Podcast: DSOs are neither friend nor foe

In this episode you’ll discover what what a DSO and MSO are, and the implications for the dental professional.

Read the Transcription

kevin-headshotHello and welcome to Ascent Dental Radio. A program dedicated to the balance between the clinical aspect of health care and the business of health care. And now here is your host, Dr. Kevin Coughlin.

Thanks for listening. My name is Dr. Kevin Coughlin. Over the next several minutes, I hope you enjoy the following podcast. This podcast is meant for dentists, for the general population and it’s a combination of insightful information to inform you of a monumental change that is occurring, not just in health care but in particular, dental health care.

I’ve been practicing general dentistry since 1983. And I remember in the early 80s the influx of individuals that had dental insurance. At that point in time, dental insurance was a minor part of dental health care. Our organizations, our profession were promised more patients, better access to care, increased amounts of dental treatment being performed and completed because dental insurance would provide a better access to care and lower fees. We can argue whether they fulfilled their commitment or not, but clearly today between government programs and dental insurances, depending on the region you practice in the United States, between 60 and 80 percent of the population has some form of third party payment, whether it’s PPOs, dental HMOs, indemnity insurance plans, the list goes on and on.

What’s occurring now and has been occurring quietly is corporate dentistry. At this point in time in 2016, it is the fastest segment of the dental health care program. Corporate dentistry is growing at almost 40 to 45 percent each year. Corporate dentistry is a catchall term. It can mean many different things and it can come under many different headings. Some have positive and some have negative connotations. My job is not to tell you whether it’s right or wrong for a profession, but to provide knowledge and information so as clinicians you can make informed consents and decisions based on accurate information of whether you feel it is best for your practice and teach you how to compete with these corporate entities.

At present time, besides corporate dentistry, they many times go under the name of a Dental Service Organization or DSO. Sometimes they’re referred to as an MSO, which stands for Managed Service Organization. I don’t want you to spend too much time getting bogged down with the particulars of the name, although they do have different definitions. In general, a DSO can operate as a standalone entity. A Managed Service Organization can only operate if there is already in existence a DSO or Dental Service Organization.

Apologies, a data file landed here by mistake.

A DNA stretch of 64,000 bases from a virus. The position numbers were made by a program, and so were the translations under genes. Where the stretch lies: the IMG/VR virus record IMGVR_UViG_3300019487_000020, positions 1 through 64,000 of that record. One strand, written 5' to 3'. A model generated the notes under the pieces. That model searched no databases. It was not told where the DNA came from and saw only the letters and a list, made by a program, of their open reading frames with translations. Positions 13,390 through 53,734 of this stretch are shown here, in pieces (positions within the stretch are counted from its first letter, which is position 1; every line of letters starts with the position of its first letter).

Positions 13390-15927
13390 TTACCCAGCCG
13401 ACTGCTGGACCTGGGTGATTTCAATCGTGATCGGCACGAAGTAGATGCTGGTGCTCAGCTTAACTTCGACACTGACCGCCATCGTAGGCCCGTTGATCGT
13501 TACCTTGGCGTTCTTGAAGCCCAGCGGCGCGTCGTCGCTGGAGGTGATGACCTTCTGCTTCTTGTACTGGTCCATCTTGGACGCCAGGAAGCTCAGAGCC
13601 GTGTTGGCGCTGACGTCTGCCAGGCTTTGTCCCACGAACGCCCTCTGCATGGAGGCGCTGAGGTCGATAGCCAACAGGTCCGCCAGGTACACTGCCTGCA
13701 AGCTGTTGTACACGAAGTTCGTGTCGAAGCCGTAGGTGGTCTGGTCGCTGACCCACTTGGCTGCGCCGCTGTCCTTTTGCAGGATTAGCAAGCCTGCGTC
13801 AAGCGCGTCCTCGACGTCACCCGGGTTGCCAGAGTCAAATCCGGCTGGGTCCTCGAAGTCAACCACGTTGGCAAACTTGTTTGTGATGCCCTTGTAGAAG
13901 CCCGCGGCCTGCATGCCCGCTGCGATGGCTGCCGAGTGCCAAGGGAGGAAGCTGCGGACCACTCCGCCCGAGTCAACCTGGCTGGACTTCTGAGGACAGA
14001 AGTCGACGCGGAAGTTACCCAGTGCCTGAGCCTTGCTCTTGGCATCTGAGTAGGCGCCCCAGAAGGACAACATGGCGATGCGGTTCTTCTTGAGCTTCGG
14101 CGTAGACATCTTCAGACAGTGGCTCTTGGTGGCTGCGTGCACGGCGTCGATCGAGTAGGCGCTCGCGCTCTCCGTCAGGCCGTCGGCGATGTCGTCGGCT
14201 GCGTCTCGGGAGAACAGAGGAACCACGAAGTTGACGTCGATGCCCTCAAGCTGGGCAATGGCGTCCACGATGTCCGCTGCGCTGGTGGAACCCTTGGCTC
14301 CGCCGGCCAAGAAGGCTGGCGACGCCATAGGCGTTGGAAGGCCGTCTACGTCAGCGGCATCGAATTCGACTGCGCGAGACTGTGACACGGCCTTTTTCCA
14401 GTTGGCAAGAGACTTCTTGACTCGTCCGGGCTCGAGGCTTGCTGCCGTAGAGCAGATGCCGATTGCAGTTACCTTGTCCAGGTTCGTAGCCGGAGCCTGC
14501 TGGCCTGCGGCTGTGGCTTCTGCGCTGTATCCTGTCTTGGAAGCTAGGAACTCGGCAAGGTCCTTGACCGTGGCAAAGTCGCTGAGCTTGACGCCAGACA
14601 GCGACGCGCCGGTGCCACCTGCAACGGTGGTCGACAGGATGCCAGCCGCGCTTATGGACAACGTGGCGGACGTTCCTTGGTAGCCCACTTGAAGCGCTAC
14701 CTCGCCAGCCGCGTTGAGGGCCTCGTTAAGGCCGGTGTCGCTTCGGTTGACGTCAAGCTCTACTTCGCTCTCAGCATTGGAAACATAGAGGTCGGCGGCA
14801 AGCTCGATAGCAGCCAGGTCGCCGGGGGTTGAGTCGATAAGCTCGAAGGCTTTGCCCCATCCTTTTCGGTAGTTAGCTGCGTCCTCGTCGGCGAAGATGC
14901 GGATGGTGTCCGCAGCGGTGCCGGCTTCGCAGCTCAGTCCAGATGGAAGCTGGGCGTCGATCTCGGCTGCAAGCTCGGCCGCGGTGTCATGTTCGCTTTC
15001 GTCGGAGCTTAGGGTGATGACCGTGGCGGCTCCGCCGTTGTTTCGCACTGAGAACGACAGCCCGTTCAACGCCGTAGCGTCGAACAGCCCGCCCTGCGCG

The critical point, in my personal opinion is, are the DSOs or MSOs influenced, owned or invested by venture capitalists or equity type firms. This is not to say it’s good or bad, but to understand that when a venture capital company or equity firm has dollars invested or actual ownership in these corporate entities, there can perhaps be a conflict of interest. This conflict of interest is brought about because in many cases, equity firms have a much shorter lifespan for investment. In general, dealing with the dental profession, there are trying to triple or quadruple their money in a three to seven year timeframe, then generally they leave that organization and look for other business opportunities or investment opportunities and a different group will take over that initial corporation. They may have the same wants and needs or they may need to modify or change.

As a patient looking for dental care or as dentist looking to invest in Dental Service Organizations, perhaps sell their practice to a Dental Service Organization or perhaps even join a Dental Service Organization, it’s critical that you understand some of the fundamental dimensions that make up a Managed Service or Dental Service Organization. First and foremost, the Dental Service Organization can be formed by a group of dentists. The company is usually owned and operated by practicing dentists, although they don’t necessarily have to be licensed in the state that they’re practicing, in most cases they are large group practices that are run and operated by dentists and your goal is to provide a high level of care and service and to maximize a profit, like any business, within the ethical standards of our profession.

In many cases, these Dental Service Organizations will lack expertise particularly in the management of small, medium and large businesses and will hire what is referred to as a Managed Service Organization. This Managed Service Organization may or may not be run and owned by dentists. Many times there are entrepreneurs and business men and women that are part of the board and the controlling aspect of this aspect of the Managed Service Organization. The critical aspect as discussed earlier in this podcast is, is that Managed Service Organization have an investment firm such as an equity firm or a venture capitalist investing money in that Managed Service Organization, or do they have some kind of ownership in it? My personal opinion is that is the most critical factor in determining whether it may be the right entity for you to join or receive care and service from.